Kris Kristofferson has been making things happen his entire life. Born in Texas and
raised in a military family, he was a Golden Gloves boxer who studied creative writing at Pomona College in California. The Phi Beta Kappa graduate earned a Rhodes scholarship to study literature at Oxford, where he boxed, played rugby and continued to write songs.
After graduating from Oxford, Kristofferson served in the army as an Airborne Ranger
helicopter pilot and achieved the rank of Captain. In 1965, Kristofferson turned down an assignment to teach at West Point and, inspired by songwriters like Willie Nelson and Johnny Cash, moved to Nashville to pursue his music. “When I was in the army, I was one of the few people outside of his personal friends who knew about Willie Nelson,” Kristofferson recalls. “I listened to a disc jockey who happened to be a Willie fan. He would play Willie’s songs and talk about him all the time. By the time I got to Nashville, he was a superhero to me. For guys like me, Johnny Cash and Willie Nelson were two gods we worshipped. Then Willie and I got to be best friends. I came from a position of idolizing him to finding out he’s the funniest son of a bitch you could be around.”
After struggling in Music City for several years, Kristofferson achieved remarkable
success as a country songwriter at the start of the 1970s. His songs "Me and Bobby
McGee," "Help Me Make It Through the Night," "Sunday Morning Coming Down," and
"For the Good Times," all chart-topping hits, helped redefine country songwriting. By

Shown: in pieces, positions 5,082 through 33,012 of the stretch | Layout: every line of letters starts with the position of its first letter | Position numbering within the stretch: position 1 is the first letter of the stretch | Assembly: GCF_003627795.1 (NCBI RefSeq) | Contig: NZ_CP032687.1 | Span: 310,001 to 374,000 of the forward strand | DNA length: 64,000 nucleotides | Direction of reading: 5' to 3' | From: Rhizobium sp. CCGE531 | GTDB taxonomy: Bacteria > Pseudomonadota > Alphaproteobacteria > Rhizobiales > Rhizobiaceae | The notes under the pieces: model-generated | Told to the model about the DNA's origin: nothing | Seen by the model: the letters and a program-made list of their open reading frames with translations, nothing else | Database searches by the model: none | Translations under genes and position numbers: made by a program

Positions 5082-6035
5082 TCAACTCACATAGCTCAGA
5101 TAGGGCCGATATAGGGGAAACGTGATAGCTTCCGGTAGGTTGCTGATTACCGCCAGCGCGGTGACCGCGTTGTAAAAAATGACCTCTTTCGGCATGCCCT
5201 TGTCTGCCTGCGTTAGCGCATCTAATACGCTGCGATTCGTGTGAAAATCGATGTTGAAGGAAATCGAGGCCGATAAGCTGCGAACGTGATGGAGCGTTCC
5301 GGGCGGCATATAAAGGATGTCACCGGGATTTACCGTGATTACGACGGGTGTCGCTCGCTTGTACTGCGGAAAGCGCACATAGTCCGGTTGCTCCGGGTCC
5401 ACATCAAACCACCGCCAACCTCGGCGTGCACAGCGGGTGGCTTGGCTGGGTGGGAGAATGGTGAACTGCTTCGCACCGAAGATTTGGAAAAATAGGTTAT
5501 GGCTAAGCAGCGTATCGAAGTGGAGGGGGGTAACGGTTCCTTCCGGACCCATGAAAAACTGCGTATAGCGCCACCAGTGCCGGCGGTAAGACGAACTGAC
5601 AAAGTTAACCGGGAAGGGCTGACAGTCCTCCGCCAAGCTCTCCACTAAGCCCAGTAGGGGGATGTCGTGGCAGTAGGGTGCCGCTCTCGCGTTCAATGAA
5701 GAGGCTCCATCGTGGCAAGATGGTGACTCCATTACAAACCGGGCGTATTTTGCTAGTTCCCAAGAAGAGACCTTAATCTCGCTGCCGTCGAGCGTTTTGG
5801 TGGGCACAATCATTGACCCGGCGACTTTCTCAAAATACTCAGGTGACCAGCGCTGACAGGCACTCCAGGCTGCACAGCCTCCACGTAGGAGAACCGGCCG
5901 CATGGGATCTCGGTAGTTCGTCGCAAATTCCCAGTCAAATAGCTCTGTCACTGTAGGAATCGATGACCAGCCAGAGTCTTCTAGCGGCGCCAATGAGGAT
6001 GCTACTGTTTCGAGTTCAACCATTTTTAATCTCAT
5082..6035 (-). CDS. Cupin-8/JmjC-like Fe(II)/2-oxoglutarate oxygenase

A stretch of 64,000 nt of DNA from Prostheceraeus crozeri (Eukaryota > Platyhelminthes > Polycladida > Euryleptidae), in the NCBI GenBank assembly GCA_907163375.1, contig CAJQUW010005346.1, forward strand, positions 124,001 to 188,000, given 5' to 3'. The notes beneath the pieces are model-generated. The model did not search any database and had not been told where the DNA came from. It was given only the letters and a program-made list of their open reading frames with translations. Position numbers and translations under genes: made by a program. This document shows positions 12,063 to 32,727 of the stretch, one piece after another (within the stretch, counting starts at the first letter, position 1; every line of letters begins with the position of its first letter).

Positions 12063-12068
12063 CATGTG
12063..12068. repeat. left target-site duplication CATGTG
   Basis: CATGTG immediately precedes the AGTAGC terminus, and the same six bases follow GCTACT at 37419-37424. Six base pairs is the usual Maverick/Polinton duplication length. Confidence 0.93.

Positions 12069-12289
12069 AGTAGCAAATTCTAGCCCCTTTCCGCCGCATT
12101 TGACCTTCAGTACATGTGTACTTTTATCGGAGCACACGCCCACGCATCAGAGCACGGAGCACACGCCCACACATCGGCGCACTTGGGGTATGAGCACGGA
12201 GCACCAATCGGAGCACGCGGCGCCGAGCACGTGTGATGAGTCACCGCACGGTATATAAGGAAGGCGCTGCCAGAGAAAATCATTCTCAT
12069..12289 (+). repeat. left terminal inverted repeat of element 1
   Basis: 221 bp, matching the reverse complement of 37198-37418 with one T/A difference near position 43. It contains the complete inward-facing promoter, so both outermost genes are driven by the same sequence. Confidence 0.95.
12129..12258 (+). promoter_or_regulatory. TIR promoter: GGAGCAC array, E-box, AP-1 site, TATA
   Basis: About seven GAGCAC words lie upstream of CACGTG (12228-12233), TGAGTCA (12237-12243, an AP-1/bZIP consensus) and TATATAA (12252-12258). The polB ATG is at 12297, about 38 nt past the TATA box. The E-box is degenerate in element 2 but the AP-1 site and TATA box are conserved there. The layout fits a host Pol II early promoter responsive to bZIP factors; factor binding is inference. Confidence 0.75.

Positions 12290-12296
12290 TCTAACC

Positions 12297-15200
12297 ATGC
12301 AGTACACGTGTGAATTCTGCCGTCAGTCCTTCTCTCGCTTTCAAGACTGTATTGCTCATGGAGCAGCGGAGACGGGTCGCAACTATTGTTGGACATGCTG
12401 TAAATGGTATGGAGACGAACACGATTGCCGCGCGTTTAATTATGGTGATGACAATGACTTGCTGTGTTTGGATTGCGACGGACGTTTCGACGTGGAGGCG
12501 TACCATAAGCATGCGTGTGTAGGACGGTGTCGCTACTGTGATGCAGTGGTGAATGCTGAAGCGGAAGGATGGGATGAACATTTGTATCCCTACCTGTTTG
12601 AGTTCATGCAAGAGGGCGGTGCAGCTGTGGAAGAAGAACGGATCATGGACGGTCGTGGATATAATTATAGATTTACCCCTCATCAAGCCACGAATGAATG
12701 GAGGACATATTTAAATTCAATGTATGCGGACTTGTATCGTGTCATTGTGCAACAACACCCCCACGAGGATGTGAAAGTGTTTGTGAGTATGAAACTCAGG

1987, it was estimated that more than 450 artists had recorded Kristofferson’s
compositions. His renown as a songwriter triggered Kristofferson’s successful career as a performer and that, in turn, brought him to the attention of Hollywood, leading to his flourishing career as a film actor. Kristofferson has acted in more than 70 films. In 1977 He won a Golden Globe for Best Actor in “A Star Is Born.” He’s appeared in cult favorites including the “Blade” trilogy, “Lone Star,” “A Soldier’s Daughter Never Cries,” “Alice Doesn’t Live Here Anymore,” “Blume In Love,” “Cisco Pike,” and “Pat Garrett and Billy the Kid.”
Recent films include “Fast Food Nation,” “Dreamer: Inspired By A True Story,” “The
Jacket,” “Silver City,” “He’s Just Not That In To You,” and “Dolphin Tale.”
Heralded as an artist’s artist, the three-time GRAMMY winner has recorded 27 albums,
including three with pals Willie Nelson, Johnny Cash and Waylon Jennings as part of the Highwaymen. Kristofferson has spent three decades performing concerts all over the world, in most recent years in a solo acoustic setting, which puts the focus on the songs.
“There’s an honesty in the sparseness. It feels like direct communication to the listener,” he says. “I still have more fun when I’m with the band, but being alone is freer, somehow. It’s like being an old blues guy, just completely stripped away.”
Kristofferson has reached living legend status, but that hasn’t changed or hindered his creativity. His current CD, Closer To The Bone contains eleven gems that explore love, gratitude, aging, war, and his ever-present theme of freedom. “If you took freedom out of the songs, you’d have very few Kristofferson songs,” he laughs. Kris will release his new album, produced by Don Was, in 2012.
In addition to many other awards, Kristofferson is a member of the Country Music Hall
of Fame, winner of the prestigious Johnny Mercer Award from the Songwriter Hall of
Fame, and was honored with the American Veteran’s Association’s “Veteran of the Year
Award” in 2002. For Kristofferson’s 70th birthday in 2006, his friends and admirers gifted him with a tribute CD, The Pilgrim: A Celebration of Kris Kristofferson. Stars including Willie Nelson, Russell Crowe, Emmylou Harris, Gretchen Wilson, Rosanne Cash, and Brian McKnight recorded 17 of Kristofferson’s compositions for the tribute. In 2007, Kristofferson was honored with the Johnny Cash Visionary Award from Country Music Television and in 2009 BMI lauded Kristofferson with the Icon Award. He will receive the Frances Preston Music Industry Award from the T.J. Martell Foundation in March, 2012.
Dress Circle means that two rows of seats are set up in front of row A.